- Compromised health of either party. If either party suffers from a form of mental or physical disability, then forcing them to relocate to a country with poor medical facilities will clearly result in significant hardships.
- Unsafe countries. Should the foreign partner come from a country which is deemed to be unsafe as a whole for the British partner, then this clearly amounts to significant hardship.
The following situations are unlikely to be accepted as ‘insurmountable obstacles.
- Difficulty in adjusting to surroundings. This might include a lack of knowledge of the spoken language, a downgrade in quality of life, whether in terms of accommodation, food or income and any other preference related to surmountable obstacles. In the case of Lal v, The Secretary of State for the Home Department, a British man in his 70s argued that he could not live in his wife’s native India due to the hot conditions. The courts eventually decided that this reason on its own was not sufficient to amount to an insurmountable obstacle. The key here is separating inconvenience or even hardship from significant or serious hardship.
- Separation from siblings or parents. This will generally not be an acceptable reason unless exceptional circumstances can be proven.
Making an Application for Further Leave to Remain
If you or your spouse is already in the UK on a spouse Visa, but it is proving difficult to extend the Visa, then you can use the same human rights principles of ‘insurmountable difficulty’ to apply for further leave to remain in the UK. Further, leave to remain is considered a ‘catch-all’ remedy, and you will need an FLR (HRO) form specifically in order to apply on human rights grounds. Residing in the UK over the duration of a spouse Visa and then the additional 2.5 years you will be granted for a successful further right to remain application will satisfy the five years needed to become eligible for indefinite leave to remain in the UK.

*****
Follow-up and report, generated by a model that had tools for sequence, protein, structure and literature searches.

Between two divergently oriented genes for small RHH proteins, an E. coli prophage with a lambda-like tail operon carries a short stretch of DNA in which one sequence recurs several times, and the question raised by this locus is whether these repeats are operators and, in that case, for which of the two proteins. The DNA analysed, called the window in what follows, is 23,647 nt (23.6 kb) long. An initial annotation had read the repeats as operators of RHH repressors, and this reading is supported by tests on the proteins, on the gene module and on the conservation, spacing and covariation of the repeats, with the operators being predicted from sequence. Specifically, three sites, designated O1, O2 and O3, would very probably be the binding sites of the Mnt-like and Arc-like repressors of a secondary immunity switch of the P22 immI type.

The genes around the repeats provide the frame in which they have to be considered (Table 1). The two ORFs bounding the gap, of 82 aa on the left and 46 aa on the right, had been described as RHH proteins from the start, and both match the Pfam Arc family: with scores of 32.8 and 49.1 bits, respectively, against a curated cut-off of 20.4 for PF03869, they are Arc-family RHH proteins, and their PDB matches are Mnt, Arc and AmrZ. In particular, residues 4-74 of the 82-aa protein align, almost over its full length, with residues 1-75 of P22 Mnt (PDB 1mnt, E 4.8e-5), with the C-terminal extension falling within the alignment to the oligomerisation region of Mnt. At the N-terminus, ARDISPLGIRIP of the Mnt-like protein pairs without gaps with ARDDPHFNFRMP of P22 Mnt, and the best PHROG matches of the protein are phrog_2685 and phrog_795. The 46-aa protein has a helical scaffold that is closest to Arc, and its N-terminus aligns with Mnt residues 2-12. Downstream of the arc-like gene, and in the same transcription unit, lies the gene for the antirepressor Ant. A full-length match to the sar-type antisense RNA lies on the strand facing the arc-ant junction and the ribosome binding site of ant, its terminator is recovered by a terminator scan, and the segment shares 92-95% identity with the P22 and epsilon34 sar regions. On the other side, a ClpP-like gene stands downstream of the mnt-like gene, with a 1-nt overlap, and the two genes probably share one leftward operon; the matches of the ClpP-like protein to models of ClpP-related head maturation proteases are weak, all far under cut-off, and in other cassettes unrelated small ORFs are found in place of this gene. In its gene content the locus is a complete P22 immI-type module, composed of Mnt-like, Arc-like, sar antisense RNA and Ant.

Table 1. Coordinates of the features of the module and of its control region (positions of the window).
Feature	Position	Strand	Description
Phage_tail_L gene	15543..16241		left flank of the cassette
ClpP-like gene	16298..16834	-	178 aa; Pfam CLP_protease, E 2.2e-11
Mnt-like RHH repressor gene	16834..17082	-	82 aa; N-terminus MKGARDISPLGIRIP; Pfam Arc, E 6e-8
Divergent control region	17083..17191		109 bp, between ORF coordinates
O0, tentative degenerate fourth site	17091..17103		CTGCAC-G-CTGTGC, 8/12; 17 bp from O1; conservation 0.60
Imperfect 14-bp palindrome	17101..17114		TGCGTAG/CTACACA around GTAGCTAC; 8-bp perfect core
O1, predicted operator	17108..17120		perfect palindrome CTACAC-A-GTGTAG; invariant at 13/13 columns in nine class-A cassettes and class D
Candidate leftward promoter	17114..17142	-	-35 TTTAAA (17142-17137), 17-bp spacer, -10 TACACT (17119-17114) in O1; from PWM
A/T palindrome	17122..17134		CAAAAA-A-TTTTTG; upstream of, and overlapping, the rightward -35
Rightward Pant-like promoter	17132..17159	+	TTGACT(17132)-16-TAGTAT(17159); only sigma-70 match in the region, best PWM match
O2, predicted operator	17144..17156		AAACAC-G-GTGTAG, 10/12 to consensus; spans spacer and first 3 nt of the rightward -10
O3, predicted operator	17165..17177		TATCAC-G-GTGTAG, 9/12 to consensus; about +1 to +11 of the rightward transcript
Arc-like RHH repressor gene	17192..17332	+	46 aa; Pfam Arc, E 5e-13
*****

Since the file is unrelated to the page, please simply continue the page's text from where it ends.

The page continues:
The European Court of Human Rights
In the scenario where your legal advisors believe you have a legitimate case, but every court in the UK has refused to uphold your application for the right to family life, then you do have the right to appeal your case at the European Court of Human Rights in Strasbourg, France.
How Can Gulbenkian Solicitors Help?
Gulbenkian Andonian immigration lawyers london specialise in complex immigration law cases and have a strong track record for successful outcomes in highly contested immigration law issues. Proving ‘insurmountable obstacles’ is a highly complex issue and will require a thorough and experienced team of specialists to make sure your case is properly demonstrated to the courts.
Ask our Expert Legal Team
At Gulbenkian Andonian, we pride ourselves on “Excellence, Experience and Efficiency”. With over 35 years of experience on your side, our team of London based lawyers and solicitors have a wealth of experience advising individuals, families and businesses of all sizes to find clarity on UK law.
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Armen Andonian is the CEO of Solicitors Marketing, a London-based legal marketing agency. He is a legal content marketing expert who writes on UK individual immigration, business immigration, family law, finance, employment law and intellectual property. He has a passion for researching and communicating complex legal concepts and ideas in a clear and engaging manner and has developed a reputation as a highly skilled and versatile author on UK law-related issues. He has written for numerous publications, both online and offline, and his work has been featured in a variety of high-profile media outlets.